On this last free day you have plenty of opportunity to enjoy more sights in Kathmandu: you can make a daytrip to the splendid five storied Nyatapola Temple and exquisite woodcarvings like the Peacock window in medieval Bhaktapur, climb the long stairs to the stupa of Swayambhunath (Monkeytemple) or visit the sleeping Vishnu at Budhanilkantha. You can also shop, relax and drink coffee in the bakeries of Thamel or the Garden of Dreams. Traveltimes Treks recommends you plan one extra day at the end of your trekking in case in case of delayed schedules during your travel.
Transfer to Tribhuvan Airport – We hope you enjoyed your stay!
If you wish to stay longer in Nepal: Traveltimes Treks can offer you plenty of suggestions, we can arrange rafting and safari trips, helicopter flights, mountain biking, multi day tours to old historical city of Bhaktapur, the mountain stations Nagarkot & Dhulikhel or retreats in the serene monasteries of Namobuddha and Kopan.
The trek is a non – technical, graded as a medium to hard trek and suitable for anyone in good physical shape who likes to hike over mountain trails and camp out. You should be in good physical shape for this trip and feel comfortable hiking 10 km to 20 km per day on a trail while carrying a day pack of about ten pounds. The trek crosses many passes, the highest at about 3 885 m, and should be considered moderately strenuous. The trek does not go to extremely high altitude, most hiking is between 2700 m and 4 000 m, but the dust and unrelenting afternoon winds can make the trek less pleasant than other Nepal treks. On some days altitude gains and losses of up to 750 m can be expected. At least one rest day is planned. Strengthen your knee muscles and prepare for steep descents.
A program of cardiovascular conditioning such as running, swimming, biking or aerobics is essential, but try to supplement your exercise with hiking on steep hills or running up and down steps. The more you can condition by closely simulating the activities of trekking, the better off you will be. While the trip is rated as moderate, good conditioning is essential to your enjoyment of the trek.
Remember that, the latitude of Nepal is between 26? and 30?N so it will warm at the lower elevations (short and T-shirt) while nights will be cool. Daytime temperatures will be between 10 ?C to 20 ?C at lower elevations and between 0?C to 5 ?C at our highest elevations. Temperatures at night will generally be cool – mostly between 0?C to 5?C with our highest camps having below freezing 0? C night time temperatures. Your sleeping bag should be rated to – 20 degrees. Since we are in the rain shadow of the Himalayas, we can expect the weather to be generally sunny, although an occasional storm could occur. This is high desert country.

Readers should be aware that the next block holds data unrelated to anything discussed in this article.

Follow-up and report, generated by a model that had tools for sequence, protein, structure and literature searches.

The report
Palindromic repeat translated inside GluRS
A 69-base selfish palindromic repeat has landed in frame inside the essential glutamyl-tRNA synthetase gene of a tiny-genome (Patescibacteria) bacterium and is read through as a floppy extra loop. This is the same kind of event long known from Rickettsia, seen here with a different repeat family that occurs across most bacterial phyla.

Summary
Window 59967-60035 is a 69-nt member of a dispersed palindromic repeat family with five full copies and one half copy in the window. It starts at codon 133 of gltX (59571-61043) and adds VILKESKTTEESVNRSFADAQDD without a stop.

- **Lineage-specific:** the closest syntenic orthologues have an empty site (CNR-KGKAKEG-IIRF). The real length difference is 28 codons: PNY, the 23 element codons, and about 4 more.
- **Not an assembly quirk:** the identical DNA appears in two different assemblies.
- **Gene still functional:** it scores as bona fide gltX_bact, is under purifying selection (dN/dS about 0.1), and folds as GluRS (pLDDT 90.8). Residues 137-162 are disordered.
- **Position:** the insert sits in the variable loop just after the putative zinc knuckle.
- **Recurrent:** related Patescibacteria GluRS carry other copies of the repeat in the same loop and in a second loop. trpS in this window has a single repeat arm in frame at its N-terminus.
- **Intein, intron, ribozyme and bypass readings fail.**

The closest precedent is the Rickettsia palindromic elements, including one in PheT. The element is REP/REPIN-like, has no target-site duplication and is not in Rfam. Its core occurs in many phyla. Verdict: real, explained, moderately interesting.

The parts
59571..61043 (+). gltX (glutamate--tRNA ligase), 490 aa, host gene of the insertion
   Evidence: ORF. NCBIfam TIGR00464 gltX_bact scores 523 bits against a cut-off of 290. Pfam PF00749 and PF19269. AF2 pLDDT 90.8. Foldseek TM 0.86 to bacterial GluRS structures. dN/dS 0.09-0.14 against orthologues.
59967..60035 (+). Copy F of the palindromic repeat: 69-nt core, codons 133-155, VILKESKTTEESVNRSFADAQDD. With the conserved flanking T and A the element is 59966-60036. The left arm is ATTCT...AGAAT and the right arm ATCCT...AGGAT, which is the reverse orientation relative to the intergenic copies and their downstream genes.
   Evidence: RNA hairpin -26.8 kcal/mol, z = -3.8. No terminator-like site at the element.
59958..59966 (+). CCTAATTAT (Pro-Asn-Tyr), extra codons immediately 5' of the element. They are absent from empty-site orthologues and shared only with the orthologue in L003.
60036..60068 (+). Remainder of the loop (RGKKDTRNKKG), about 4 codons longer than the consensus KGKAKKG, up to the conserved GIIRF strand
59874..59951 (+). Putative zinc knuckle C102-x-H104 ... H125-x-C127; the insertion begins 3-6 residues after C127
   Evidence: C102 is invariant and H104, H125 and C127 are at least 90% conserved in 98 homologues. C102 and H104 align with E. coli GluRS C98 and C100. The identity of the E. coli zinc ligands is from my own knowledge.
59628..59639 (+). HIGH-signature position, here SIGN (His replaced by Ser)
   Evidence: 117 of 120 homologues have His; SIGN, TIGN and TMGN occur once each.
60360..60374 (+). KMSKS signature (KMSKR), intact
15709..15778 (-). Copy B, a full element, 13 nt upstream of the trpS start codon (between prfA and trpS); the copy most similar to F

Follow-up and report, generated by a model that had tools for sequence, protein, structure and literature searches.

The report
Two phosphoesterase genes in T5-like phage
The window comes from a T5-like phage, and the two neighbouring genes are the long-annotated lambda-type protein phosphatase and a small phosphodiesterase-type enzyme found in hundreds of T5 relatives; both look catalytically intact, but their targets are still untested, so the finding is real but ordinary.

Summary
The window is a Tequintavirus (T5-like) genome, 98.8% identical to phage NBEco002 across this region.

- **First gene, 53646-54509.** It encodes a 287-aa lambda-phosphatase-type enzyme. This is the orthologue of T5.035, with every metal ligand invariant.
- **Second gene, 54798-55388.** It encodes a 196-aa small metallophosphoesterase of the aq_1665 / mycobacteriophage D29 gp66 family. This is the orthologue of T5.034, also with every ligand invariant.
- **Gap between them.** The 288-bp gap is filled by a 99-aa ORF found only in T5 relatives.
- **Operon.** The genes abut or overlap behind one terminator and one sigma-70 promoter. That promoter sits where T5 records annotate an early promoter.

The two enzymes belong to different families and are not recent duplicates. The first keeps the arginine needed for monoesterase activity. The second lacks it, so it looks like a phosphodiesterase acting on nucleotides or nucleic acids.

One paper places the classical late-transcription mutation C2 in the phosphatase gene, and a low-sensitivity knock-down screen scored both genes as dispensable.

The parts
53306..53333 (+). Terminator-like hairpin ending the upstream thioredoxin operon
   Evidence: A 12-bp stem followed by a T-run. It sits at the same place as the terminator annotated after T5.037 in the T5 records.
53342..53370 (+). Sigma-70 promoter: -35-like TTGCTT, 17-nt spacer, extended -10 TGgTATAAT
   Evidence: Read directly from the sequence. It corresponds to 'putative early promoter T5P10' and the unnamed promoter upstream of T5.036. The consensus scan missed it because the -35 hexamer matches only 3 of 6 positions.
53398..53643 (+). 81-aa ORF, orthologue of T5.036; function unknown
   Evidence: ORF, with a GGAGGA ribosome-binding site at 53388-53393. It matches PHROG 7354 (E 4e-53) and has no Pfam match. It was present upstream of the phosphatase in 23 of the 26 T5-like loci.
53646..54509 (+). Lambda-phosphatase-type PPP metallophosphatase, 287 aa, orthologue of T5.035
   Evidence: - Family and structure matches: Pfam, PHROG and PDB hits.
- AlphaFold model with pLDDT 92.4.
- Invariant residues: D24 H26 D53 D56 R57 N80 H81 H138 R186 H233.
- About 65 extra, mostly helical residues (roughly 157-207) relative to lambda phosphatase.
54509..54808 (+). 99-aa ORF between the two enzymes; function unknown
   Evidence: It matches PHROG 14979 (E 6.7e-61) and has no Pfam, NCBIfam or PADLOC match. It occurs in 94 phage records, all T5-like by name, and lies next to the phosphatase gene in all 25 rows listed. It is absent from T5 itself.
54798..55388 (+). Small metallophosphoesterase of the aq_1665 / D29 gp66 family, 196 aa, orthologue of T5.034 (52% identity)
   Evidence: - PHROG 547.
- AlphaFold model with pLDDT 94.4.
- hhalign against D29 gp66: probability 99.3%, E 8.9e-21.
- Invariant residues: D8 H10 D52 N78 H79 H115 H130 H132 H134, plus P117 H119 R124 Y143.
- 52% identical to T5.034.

The pace on the trek will be leisurely and unregimented. You are encouraged to walk by yourself or in small groups. Take time to visit local houses and temples, share a cup of tea or rakshi with our porters and the locals in the many chiyaa houses. Pursue interests in photography, bird-watching and botany, and sample the culture of the area you are traveling through. The trip will emphasize cultural interaction with both our staff and local villagers. Our guides, besides making sure we do not get lost, also pitch and take down the tents and are responsible for supervising the porters and evening camps. We will have one guide in front, one in the rear and for full trips, and one who floats throughout the group. They will be under the direction of the head guide or Sirdar.
Personal gear will be carried by porters. Porters can carry two members’ duffel bags. Since their combined load is 25 kg that means that your duffel cannot exceed twelve kilos. Tents are provided and are carried separately. We use roomy 2- person tents and you will be expected to share your tent with one other person.
This trip will be led by one of our senior guides who speaks good English. We are sure to have a variety of ethnic groups on our staff, but primarily Tamangs, Rais, Sherpas and Bramins. Our kitchen staff is truly amazing. They are well trained in multicuisine tastes and standards of hygiene. A typical day may see you being offered lemon tea and cookies when you awake, juice and tomato omelet for breakfast, stir-fried vegetables and salami for lunch, tea and cookies when you arrive at the evenings campsite, and fresh lentil soup and Tibetan momo for dinner. Our cooks have even been known to bake cakes over a double boiler arrangement. Our kitchen crew cooks on kerosene stoves instead of using wood so as not to add to Nepal’s growing deforestation problem. We try to offer you a good mix of native dishes as well as western style dishes.
We do not bring tables on the trek. We all eat either sitting on the ground or on the camp stools around a big kitchen tarp, and we have a dining tent that can be pitched in case of rain, snow or cold. In an attempt to minimize the amount of fuel we use, we provide one large bucket of hot water every afternoon for washing when we are camping at cold high elevations. We do not routinely provide hot water to each tent as this wastes too much fuel. A toilet tent is set up at each camp around a pit toilet.
This is not a tour where everything can be planned in advance to run like clockwork. You probably won’t experience exactly what is written in the daily itinerary. Often adjustments must be made in the field. We want you to participate in the trip with the clear understanding that things can go wrong. Adventure travel does involve certain risks both emotional and physical. One has to be flexible when traveling in Nepal and have a cheerful attitude.